Button: can he win Le Mans?

Well, what a great surprise. Jenson Button racing a Jaguar XJR-9 at Le Mans Classic in July is exciting. But now the 2009 Formula 1 World Champion has chosen to bring his La Sarthe debut forward by a month: he’s going all-out for an attack on the 24 Hours itself. Fantastic news.

I must say, I was surprised. In his press statement, Jenson said “it’s always been a dream of mine to race at Le Mans”, but that didn’t seem to be the case during his Grand Prix career. Button enjoyed 17 eventful years in the F1 bubble and for most of that time showed little interest in anything else going on in the wider motor sport world. I recall times when he was asked specifically about Le Mans, especially in his later years at McLaren, and he tended to be a little dismissive.

But like many of his ilk, now that F1 bubble has burst he’s gained some perspective. Always a good chap and a pure racer at heart, he’s embracing what else motor racing has to offer away from the cauldron of intensity that is life in F1.

Jenson’s affinity for Japan led him to commit to the fantastic Super GT national series, in which he scored a second place in the first round of 2018 at Okayama a few weeks back, partnering Naoki Yamamoto in Team Kunimitsu’s Honda NSX-GT – and his taste buds for endurance racing have clearly been tantalised.

Now along with his Japanese commitment, the 38-year-old has signed up for the Le Mans 24 Hours and a subsequent World Endurance Championship campaign with SMP Racing. Button will drive the new Dallara-built BR1 LMP1 alongside rapid Russian duo Vitaly Petrov and Mikhail Aleshin. He knows the former from Petrov’s time in F1 with Renault, while Aleshin has history as a talented Indycar racer. All in all, a potent line-up.

SMP Racing at the Prologue 2018

The big questions are how competitive the BR1 will be at Le Mans – and will it really have any chance of going the distance?

We’ll know more about the genuine speed of the new non-hybrid LMP1 after this weekend’s WEC ‘Super Season’ kick-off, the Spa 6 Hours (which Button is missing). At the WEC Prologue test at Paul Ricard it was the best of the new breed of privateer prototypes and only slower than the hybrid Toyotas.

Reliability is entirely another matter for SMP, as it will be for all the teams running new cars. Lasting six hours untroubled would be an achievement in Belgium, never mind over 24 in France.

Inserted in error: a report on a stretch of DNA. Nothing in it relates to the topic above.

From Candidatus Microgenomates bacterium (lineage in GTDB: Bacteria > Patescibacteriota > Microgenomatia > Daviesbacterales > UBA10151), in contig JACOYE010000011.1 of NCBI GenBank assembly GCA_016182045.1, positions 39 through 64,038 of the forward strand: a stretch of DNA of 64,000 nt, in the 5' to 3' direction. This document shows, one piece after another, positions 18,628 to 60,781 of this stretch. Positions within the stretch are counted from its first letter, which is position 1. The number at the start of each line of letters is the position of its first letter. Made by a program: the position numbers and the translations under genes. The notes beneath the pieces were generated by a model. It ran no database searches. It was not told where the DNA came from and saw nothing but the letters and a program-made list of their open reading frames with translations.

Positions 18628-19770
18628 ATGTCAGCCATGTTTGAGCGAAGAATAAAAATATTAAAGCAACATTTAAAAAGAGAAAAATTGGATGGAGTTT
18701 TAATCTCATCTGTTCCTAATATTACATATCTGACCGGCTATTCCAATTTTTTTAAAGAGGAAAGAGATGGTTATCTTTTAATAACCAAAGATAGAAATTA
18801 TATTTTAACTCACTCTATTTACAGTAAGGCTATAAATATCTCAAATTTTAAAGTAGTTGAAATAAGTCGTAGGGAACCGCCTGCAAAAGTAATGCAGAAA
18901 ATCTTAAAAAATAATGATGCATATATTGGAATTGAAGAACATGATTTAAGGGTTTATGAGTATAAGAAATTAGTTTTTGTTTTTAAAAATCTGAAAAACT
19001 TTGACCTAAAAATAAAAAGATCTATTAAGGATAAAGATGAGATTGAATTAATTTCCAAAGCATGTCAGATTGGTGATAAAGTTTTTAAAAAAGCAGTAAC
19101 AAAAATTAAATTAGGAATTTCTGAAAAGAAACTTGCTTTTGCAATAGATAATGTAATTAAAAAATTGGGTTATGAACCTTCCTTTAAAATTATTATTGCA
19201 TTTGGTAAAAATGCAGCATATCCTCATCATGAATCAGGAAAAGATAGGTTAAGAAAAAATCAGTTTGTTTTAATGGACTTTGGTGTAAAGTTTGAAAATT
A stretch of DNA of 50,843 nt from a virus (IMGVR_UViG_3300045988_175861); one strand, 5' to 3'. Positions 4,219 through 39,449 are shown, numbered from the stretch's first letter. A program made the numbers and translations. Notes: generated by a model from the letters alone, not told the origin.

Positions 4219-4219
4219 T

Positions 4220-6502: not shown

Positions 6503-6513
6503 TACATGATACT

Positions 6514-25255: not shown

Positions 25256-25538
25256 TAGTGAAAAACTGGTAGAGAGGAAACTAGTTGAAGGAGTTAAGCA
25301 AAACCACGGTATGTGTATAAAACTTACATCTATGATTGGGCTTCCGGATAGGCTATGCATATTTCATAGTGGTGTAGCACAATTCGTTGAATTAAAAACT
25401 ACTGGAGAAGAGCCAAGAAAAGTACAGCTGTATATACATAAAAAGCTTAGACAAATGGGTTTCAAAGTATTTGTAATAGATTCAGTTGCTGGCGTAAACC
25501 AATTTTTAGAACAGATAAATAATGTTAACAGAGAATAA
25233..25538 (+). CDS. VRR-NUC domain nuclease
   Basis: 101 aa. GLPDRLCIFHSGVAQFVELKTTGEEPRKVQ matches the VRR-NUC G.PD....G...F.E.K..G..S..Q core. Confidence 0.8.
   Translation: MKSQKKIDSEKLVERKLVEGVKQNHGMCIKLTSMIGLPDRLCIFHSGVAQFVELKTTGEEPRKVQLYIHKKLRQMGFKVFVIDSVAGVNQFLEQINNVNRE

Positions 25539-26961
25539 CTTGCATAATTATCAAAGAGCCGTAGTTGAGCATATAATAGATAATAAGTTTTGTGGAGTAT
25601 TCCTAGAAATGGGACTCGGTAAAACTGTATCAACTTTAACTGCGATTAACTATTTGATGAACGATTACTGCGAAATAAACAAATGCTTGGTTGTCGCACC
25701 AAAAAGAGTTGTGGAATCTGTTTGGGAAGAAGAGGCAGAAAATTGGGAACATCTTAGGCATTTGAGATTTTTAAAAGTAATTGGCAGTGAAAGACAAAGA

So why has Button committed to this unproven programme? He has spoken bullishly of going to Le Mans to win, but can that really be a goal this year?

His old McLaren team-mate Fernando Alonso is in an entirely different situation, of course. As a member of the only factory to compete in the top class, the Spaniard has a great chance of making a winning debut at the big race. That’s pressure.

Button? The pressure cannot be so great when he’s racing a brand new car. Expectations for Jenson will be nowhere near as high as they will be for Fernando – and that could play to the Briton’s advantage.

But again, can he really win? Well, Toyota has to be the hot favourite – but with its cursed record at Le Mans, nothing can be taken for granted. If the two hybrids falter, one of the privateers could pick up the pieces – and if that’s the case, it’s likely to be the one that has the least amount of trouble. In that case, why not SMP?

Then again, and rather bizarrely, Button’s best chance of a debut win might have actually been with a well-run LMP2 in the prototype second division. They might not have the pace of the top class, but they’re proven over this distance. Who can forget last year when the Jackie Chan DC Racing ORECA led overall and was only eventually beaten by a hybrid Porsche?

Whatever their fortunes, the addition of a pair of F1 world champions is a huge boost for the race, especially in the year following Porsche’s withdrawal. How they get on will be fascinating. All eyes will be on Button and Alonso on June 16/17.